In Scott Hutchins’s debut novel, A Working Theory of Love, Neill Bassett Jr. communicates with his dead father through a computer. Dr. Neill Bassett Sr. committed suicide while his son was in college and left behind a tome of meticulous journals. These—painstaking and only superficially personal—are used to form the base “personality” of a computer run by a small team of scientists aiming to develop the world’s first “sentient” machine, by the standards of the Turing test. Neill’s task is to “chat” with DrBas, as the program is called, and work out the kinks, training the computer in the rules of language and interaction. Soon it begins to demonstrate inclinations and preferences—something a bit like a will—and DrBas comes to closely resemble Neill’s dead father. The two talk of Neill Sr.’s best friend; his wife, Libby; Neill Jr.’s childhood and current life—a recent divorce and a new, stunted romance with a much younger woman—all the while skirting the black hole of the computer’s knowledge: that the real Dr. Bassett killed himself in 1995, that the person Dr. Bassett is dead.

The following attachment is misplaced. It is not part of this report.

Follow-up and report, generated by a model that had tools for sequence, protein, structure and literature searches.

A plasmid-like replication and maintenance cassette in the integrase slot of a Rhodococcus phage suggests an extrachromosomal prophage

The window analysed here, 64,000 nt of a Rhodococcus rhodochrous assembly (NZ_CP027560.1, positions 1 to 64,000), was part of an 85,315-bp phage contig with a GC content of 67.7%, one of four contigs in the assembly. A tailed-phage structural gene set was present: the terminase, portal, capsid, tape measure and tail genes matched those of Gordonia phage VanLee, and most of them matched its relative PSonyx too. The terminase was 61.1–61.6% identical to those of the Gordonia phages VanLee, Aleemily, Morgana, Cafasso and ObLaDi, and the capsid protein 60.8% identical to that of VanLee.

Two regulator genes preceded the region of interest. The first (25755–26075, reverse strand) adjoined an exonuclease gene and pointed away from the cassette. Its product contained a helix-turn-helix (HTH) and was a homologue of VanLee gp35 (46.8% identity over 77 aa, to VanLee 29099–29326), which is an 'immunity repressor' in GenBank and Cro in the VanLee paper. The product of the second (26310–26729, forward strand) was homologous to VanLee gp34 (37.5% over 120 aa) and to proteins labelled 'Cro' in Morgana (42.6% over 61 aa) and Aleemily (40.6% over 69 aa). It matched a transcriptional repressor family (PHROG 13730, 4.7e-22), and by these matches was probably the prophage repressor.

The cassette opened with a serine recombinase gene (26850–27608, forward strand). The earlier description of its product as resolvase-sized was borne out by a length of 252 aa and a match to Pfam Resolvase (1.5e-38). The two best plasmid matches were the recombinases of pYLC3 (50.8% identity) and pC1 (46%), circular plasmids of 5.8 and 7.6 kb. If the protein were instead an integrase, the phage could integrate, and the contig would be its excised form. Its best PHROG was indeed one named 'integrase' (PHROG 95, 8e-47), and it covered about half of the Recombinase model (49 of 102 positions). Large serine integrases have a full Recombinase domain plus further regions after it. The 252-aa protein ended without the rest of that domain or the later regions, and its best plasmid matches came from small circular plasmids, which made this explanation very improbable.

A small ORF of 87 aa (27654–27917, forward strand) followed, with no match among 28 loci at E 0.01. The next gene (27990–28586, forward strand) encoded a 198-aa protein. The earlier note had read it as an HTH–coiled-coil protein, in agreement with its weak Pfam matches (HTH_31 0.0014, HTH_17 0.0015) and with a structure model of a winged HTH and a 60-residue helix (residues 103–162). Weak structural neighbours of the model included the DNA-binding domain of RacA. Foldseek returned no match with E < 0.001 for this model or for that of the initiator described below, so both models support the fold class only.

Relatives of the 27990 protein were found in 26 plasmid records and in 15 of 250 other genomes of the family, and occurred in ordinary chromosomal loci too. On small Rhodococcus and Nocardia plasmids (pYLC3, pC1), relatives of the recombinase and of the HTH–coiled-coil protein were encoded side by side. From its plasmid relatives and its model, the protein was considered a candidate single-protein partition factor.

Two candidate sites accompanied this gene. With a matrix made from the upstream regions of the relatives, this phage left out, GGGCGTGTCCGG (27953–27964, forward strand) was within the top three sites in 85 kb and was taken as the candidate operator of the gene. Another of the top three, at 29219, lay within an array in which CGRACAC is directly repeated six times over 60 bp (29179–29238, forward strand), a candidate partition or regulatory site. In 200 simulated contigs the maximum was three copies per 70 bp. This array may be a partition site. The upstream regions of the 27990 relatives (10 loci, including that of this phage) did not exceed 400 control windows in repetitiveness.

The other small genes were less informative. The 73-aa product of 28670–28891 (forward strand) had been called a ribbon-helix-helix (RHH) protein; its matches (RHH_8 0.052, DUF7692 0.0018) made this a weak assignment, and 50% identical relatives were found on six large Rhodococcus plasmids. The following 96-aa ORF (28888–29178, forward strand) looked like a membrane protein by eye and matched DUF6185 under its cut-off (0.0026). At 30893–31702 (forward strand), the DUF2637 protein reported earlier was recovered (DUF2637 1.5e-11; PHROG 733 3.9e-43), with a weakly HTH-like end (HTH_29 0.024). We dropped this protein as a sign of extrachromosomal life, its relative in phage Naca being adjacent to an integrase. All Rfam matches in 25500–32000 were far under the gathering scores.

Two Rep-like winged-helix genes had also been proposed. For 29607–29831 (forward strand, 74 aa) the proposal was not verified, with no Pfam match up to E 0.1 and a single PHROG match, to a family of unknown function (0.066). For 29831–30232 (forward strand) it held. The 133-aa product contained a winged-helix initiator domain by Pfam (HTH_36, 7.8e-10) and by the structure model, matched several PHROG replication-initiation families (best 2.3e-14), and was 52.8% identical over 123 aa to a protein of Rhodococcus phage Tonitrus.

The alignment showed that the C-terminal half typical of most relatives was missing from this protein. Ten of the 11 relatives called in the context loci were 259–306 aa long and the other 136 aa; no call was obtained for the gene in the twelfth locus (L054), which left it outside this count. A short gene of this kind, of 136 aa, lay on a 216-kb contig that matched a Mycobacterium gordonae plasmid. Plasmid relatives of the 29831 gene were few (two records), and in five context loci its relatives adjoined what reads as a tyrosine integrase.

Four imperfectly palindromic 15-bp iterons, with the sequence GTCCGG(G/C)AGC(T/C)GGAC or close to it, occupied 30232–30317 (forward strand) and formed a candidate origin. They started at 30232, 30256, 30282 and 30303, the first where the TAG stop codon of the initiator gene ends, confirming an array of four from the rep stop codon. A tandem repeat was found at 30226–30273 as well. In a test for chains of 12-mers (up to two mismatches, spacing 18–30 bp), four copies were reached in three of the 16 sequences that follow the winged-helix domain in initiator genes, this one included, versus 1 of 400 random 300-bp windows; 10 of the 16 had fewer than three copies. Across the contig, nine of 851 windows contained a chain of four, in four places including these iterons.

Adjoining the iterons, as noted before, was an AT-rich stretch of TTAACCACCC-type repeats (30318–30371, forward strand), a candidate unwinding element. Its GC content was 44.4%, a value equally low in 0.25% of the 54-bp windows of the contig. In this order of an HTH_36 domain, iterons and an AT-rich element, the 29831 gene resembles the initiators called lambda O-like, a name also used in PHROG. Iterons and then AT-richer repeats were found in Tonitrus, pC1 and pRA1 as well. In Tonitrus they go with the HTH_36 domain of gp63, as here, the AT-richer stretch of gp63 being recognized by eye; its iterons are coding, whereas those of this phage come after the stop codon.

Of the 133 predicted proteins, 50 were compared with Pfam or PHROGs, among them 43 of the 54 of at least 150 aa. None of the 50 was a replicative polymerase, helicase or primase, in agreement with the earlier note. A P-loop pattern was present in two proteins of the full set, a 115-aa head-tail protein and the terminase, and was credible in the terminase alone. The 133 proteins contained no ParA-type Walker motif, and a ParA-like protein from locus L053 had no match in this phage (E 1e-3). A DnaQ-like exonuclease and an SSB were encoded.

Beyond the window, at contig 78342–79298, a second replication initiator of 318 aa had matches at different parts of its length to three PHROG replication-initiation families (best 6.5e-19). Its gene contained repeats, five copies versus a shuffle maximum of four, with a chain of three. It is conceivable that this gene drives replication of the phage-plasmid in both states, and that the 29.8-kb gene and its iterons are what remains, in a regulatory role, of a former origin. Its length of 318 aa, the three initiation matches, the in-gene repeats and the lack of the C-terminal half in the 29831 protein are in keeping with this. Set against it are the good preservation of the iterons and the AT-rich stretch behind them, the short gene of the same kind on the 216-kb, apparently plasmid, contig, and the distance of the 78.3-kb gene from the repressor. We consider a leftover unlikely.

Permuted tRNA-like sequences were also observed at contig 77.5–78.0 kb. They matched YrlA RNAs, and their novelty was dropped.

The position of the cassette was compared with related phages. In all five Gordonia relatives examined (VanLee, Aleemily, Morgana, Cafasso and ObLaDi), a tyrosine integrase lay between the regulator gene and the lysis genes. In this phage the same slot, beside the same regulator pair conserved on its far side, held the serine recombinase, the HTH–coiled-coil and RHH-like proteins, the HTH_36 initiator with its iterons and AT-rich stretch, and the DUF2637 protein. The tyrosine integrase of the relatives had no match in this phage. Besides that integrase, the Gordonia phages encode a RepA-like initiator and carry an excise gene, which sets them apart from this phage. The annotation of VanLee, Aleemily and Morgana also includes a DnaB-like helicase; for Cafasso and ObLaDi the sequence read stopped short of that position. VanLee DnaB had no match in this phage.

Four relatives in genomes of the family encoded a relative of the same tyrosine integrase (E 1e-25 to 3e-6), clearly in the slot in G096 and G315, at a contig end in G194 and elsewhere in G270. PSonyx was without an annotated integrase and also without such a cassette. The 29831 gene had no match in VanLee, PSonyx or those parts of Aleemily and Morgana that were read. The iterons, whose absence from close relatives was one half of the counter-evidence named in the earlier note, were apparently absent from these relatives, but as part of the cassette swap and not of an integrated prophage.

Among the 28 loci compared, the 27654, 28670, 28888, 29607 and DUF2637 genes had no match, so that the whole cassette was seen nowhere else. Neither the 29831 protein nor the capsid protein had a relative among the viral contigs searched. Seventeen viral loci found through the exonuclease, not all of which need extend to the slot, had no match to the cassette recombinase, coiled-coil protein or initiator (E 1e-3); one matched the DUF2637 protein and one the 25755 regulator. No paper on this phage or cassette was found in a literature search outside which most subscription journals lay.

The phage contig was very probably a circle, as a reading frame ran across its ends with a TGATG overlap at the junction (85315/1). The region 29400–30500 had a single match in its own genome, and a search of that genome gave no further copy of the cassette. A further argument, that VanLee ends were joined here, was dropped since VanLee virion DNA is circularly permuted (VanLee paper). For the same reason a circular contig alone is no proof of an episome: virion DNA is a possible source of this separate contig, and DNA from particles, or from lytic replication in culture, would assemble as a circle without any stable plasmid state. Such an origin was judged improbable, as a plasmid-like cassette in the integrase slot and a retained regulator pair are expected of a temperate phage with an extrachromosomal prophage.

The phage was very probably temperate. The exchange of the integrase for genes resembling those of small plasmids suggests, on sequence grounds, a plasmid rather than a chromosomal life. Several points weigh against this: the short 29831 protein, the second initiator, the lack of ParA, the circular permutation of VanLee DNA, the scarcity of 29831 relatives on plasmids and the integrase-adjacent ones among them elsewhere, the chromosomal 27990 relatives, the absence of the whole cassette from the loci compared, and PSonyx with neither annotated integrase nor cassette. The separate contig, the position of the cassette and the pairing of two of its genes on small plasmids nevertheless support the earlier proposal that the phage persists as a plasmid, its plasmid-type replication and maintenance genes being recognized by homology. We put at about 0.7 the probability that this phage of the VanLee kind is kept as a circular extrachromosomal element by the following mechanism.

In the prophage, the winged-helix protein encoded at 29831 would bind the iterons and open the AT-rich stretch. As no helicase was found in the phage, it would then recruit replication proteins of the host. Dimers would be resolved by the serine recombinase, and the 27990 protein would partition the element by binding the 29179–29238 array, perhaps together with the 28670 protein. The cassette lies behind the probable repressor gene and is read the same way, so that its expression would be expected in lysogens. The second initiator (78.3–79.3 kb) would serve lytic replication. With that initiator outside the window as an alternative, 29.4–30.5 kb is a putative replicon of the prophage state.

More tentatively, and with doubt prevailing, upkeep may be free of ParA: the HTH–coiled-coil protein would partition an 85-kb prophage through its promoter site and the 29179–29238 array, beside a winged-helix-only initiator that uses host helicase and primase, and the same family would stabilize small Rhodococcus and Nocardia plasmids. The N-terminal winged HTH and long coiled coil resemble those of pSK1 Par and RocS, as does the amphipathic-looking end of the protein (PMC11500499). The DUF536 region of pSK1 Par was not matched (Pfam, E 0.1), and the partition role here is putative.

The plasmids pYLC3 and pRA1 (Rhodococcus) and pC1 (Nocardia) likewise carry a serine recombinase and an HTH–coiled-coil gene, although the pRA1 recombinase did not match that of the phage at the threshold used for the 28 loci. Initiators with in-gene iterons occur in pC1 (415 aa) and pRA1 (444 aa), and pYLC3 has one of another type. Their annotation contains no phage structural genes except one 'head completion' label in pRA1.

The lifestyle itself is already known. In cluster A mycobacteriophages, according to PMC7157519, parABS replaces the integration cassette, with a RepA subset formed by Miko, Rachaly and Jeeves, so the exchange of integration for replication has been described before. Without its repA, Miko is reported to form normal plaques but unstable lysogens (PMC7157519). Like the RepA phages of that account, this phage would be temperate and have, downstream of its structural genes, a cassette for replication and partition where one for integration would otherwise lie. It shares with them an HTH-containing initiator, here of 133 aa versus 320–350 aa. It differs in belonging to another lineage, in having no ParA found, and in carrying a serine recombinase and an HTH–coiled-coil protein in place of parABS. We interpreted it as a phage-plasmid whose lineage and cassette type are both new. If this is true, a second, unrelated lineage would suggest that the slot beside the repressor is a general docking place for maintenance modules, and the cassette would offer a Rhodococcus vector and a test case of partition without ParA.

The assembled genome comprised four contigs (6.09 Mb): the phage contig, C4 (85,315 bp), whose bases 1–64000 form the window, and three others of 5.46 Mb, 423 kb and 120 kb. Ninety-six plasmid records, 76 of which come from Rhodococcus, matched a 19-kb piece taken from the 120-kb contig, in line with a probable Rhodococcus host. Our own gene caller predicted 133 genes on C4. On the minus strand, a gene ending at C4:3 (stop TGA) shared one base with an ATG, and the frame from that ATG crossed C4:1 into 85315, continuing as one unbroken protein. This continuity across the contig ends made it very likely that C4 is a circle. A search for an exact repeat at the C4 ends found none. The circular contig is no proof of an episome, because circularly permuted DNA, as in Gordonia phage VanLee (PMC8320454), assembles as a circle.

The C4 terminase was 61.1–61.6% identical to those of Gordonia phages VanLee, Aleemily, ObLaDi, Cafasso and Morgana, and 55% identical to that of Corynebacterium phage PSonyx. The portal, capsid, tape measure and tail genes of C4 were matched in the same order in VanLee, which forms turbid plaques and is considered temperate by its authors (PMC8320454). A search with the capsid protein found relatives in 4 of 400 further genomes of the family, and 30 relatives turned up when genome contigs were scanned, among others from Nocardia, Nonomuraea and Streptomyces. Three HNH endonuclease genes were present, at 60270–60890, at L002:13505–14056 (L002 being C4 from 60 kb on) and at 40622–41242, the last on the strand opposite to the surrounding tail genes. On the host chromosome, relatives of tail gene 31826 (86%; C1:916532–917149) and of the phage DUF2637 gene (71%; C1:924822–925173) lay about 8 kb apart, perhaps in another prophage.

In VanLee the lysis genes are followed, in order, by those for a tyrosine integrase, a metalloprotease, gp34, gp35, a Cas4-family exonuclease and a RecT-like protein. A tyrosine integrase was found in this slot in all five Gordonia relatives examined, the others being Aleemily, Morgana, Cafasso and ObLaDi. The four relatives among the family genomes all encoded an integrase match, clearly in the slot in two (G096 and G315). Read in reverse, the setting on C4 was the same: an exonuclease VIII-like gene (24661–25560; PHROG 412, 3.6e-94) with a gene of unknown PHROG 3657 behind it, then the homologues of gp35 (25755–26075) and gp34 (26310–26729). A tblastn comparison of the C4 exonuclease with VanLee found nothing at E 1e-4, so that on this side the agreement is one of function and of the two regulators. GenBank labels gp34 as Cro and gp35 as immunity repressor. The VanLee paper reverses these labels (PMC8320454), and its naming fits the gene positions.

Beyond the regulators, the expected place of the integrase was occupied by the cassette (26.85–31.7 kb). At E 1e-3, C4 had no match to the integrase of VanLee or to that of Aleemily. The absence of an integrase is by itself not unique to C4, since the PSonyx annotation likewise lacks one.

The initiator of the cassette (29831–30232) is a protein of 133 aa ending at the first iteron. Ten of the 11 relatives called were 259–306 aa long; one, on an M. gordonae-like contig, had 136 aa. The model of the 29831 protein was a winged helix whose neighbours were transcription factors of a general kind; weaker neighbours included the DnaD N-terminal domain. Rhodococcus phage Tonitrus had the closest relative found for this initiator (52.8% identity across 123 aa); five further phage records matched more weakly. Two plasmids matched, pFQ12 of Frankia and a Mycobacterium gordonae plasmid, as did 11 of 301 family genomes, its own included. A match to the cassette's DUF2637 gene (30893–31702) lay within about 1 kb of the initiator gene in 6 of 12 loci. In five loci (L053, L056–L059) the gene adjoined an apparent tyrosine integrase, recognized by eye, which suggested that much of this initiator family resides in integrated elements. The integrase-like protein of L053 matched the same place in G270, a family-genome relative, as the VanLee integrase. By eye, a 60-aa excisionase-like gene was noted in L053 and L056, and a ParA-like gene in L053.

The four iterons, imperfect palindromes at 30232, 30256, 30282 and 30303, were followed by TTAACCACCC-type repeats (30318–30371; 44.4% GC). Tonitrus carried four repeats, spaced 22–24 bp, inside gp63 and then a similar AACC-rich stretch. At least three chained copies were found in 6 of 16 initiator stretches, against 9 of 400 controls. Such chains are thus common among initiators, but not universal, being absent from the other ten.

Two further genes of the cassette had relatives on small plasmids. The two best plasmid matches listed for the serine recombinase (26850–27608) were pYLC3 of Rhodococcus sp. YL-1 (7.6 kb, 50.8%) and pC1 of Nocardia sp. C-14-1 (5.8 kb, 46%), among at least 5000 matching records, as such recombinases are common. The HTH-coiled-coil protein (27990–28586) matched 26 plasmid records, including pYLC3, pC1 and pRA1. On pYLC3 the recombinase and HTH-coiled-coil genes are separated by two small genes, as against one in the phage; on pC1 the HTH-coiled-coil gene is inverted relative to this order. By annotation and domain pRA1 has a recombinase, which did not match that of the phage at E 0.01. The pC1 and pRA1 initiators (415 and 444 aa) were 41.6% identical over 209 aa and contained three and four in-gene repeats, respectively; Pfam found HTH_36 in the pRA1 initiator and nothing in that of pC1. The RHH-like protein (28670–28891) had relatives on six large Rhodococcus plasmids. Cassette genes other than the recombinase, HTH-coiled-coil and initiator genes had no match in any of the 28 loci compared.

Meanwhile, in the real world, inventor and futurist Ray Kurzweil has stored a warehouse room full of information about his own dead father for the purpose of bringing him back to life as an electronic consciousness. The chief inventor of the flatbed scanner and the Kurzweil keyboard synthesizer, and a millionaire many times over, Kurzweil described the Internet before its existence and accurately projected the year a computer would defeat a human chess champion. He now predicts computers will reach sentience by 2029—a point at which they will “match human intelligence and go beyond it.” This moment is sometimes referred to as the singularity—a mythic, multipurpose term, borrowed from physics and mathematics. At its most basic, the singularity is the moment when “the model breaks down”: when we can no longer know what we knew before. In a 2009 documentary about Kurzweil called Transcendent Man, Ray explains that he will live forever (through transhumanistic nanotechnology: microscopic machines that will aid in “reprogramming” our “Version 1” bodies to more perfect health), and, he says, eyes into the camera, “I do plan to bring back my father.” Fred Kurzweil’s letters, sheet music, financial ledgers, and electric bills all sit in wait. Read More »